The vacuum coupling 54 in the disclosed embodiment includes a male threaded end portion 56 which is threadeably received in the ampul housing 60, as shown in FIG. 1 and a cylindrical portion 58 which supports the apparatus 20 on the support plate 60. In the disclosed embodiment, the cylindrical portion 58 is soldered or otherwise secured to an angle plate 62, which in turn is welded or otherwise secured to the support plate 60. O-ring 64 seals the end of the shipping ampul and O-ring 66 is compressed into sealing relation by the male threaded portion 56 of the vacuum coupling, as described hereinbelow.
The metering valve 26 is a conventional straight needle valve which provides fine adjustment or metering of the gas flow. The disclosed embodiment of the metering valve includes a valve body 70, having a straight internal passage 72 and a stem portion 74, having a needle portion 76 which is received through the internal passage 72 into a conical valve seat 78. The gas flow through the passage 72 is accurately controlled by turning the stem portions 74, which threadably receives the male threaded portion 80 of the stem into the female threaded portion of the body portion 70, disposing the needle portion 76 into and out of the valve seat 78. The conical opening 82 to the valve is sealed to the shipping ampul 24 by O-ring 64. In the disclosed embodiment, the end of the valve body 70 is received through angle plate 62 into a counterbore in the cylindrical portion 58 of the vacuum coupling 54 and soldered or otherwise secured in place. A suitable metering valve is available from Nupro Company of Cleveland, Ohio, identified as Straight-S-1-SG.
The hypodermic needle assembly 28 is also available commercially. In the disclosed embodiment the assembly includes a "Luer-Lok" adapter 86 which is soldered or otherwise sealing secured to the valve body 70 of the metering valve 26 and a disposable needle assembly 88 having a projecting hypodermic needle 90. The disclosed Luer-Lok hypodermic needle assembly is available commercially from various sources including Sherwood Medical Industries and is commonly utilized in hospitals for injections. The adapter 86 and needle assembly 85 are generally interconnected by a bayonet-type connection.
The vial housing 30 includes a chamber 94 which receives the serum vial 32. The housing includes an opening 96 which receives the hypodermic needle 90, a closure 98 and an opening 100 transverse to the longitudinal axis of the chamber 94. The closure 98 in the disclosed embodiment is a slide which is received in a configured slot 102 in the housing 30, providing access to the vial housing chamber 94. The disclosed serum vial 32 is commercially available from various sources and includes a glass vial 106, a metal closure 108 which is crimped or otherwise secured to the lip of the vial and a self-sealing septum 110. A suitable serum vial is a 2ml serum vial available from Wheaton Glass Co. The vial is evacuated prior to receipt of the radioactive gas and includes a self-sealing septum in the form of a plastic diaphram.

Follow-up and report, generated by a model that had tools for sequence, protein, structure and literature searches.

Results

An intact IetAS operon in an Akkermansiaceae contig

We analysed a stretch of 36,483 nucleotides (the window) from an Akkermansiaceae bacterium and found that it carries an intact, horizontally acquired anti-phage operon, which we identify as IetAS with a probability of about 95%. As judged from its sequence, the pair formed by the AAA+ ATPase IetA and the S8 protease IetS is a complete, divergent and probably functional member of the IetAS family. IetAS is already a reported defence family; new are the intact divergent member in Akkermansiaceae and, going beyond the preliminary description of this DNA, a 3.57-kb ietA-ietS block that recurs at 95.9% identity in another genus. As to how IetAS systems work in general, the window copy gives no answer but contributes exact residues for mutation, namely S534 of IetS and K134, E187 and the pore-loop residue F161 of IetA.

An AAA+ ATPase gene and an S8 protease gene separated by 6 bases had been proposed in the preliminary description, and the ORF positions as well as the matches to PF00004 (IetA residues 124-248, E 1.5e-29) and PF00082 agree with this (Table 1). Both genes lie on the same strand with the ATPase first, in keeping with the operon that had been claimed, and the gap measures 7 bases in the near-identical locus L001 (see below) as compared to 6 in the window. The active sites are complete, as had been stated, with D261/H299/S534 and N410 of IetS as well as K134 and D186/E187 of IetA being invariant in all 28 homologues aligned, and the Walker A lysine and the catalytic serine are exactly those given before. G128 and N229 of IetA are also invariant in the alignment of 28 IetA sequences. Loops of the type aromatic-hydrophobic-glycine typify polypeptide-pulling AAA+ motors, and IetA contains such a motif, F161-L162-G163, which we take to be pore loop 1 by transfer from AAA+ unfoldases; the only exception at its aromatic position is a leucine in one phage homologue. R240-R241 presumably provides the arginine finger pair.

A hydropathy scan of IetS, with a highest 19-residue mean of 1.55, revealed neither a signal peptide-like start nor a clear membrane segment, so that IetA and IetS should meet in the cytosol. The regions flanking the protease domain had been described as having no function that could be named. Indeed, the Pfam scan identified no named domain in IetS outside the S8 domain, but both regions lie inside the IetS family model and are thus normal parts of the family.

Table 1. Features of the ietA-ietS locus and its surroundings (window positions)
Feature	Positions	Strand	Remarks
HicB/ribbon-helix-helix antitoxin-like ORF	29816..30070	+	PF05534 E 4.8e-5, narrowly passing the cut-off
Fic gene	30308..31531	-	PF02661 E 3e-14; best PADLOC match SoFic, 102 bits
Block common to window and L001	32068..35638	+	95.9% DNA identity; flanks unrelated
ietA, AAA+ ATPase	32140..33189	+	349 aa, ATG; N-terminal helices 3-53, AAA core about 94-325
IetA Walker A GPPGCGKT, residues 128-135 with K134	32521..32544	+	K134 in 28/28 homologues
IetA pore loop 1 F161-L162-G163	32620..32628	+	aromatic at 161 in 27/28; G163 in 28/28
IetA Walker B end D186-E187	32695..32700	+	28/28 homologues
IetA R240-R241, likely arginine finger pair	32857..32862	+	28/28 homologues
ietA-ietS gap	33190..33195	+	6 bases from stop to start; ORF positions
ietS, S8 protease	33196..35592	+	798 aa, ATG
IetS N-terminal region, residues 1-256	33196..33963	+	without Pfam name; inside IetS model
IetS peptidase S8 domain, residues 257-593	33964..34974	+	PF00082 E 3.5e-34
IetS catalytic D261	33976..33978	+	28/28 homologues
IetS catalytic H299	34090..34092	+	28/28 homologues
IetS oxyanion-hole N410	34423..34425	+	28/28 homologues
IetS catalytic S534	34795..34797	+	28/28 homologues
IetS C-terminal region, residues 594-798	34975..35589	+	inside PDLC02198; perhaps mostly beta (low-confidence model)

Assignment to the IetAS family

In the disclosed embodiment of the apparatus, the aperture 100 in the vial housing 30 exposes the Geiger-Muller tube 34 to the serum vial 32, which is the source of radiation or activity to be measured. As described below, the housing is preferably shielded with a lead lining, or the like. The opening 100 thus serves as a collimator, focusing and limiting radiation reaching the Geiger-Muller tube. The size of the opening 100 must therefore be controlled, depending on the particular application for the metering apparatus. In metering patient doses of gaseous radioactive Xenon 133, for example, an opening of about 2 mm has been found very satisfactory.
In the disclosed embodiment, the Geiger-Muller tube is supported on the support plate 60 by a clamp 36. The clamp includes two clamping blocks 114 and 116 each having a cylindrical channel 118 and 120, respectively, as shown in FIG. 3. Block 114 is retained to the mounting plate 60 by a set screw or bolt 122, which is received in a slot 124 in the support plate 60. Similarly, vial housing 30 is retained to support plate 60 by a set screw or bolt 126 which is received in slot 128 in the support plate. The Geiger-Muller tube 34 and the vial housing 30 may therefore be slideably adjusted independently on the support plate 60 in the axis of slots 124 and 128, respectively. The Geiger-Muller tube is retained in the clamp by screw 130.
The Geiger-Muller tube may be a conventional collimated shielded Geiger-Muller tube normally utilized in combination with a conventional rate meter, such as is available from Victoreen Instrument, Company. The assembly measures the intensity of the radioactive source in counts per second. The metering apparatus of this invention is however adapted to indicate directly the activity of the gas in the serum vial. This is accomplished as follows.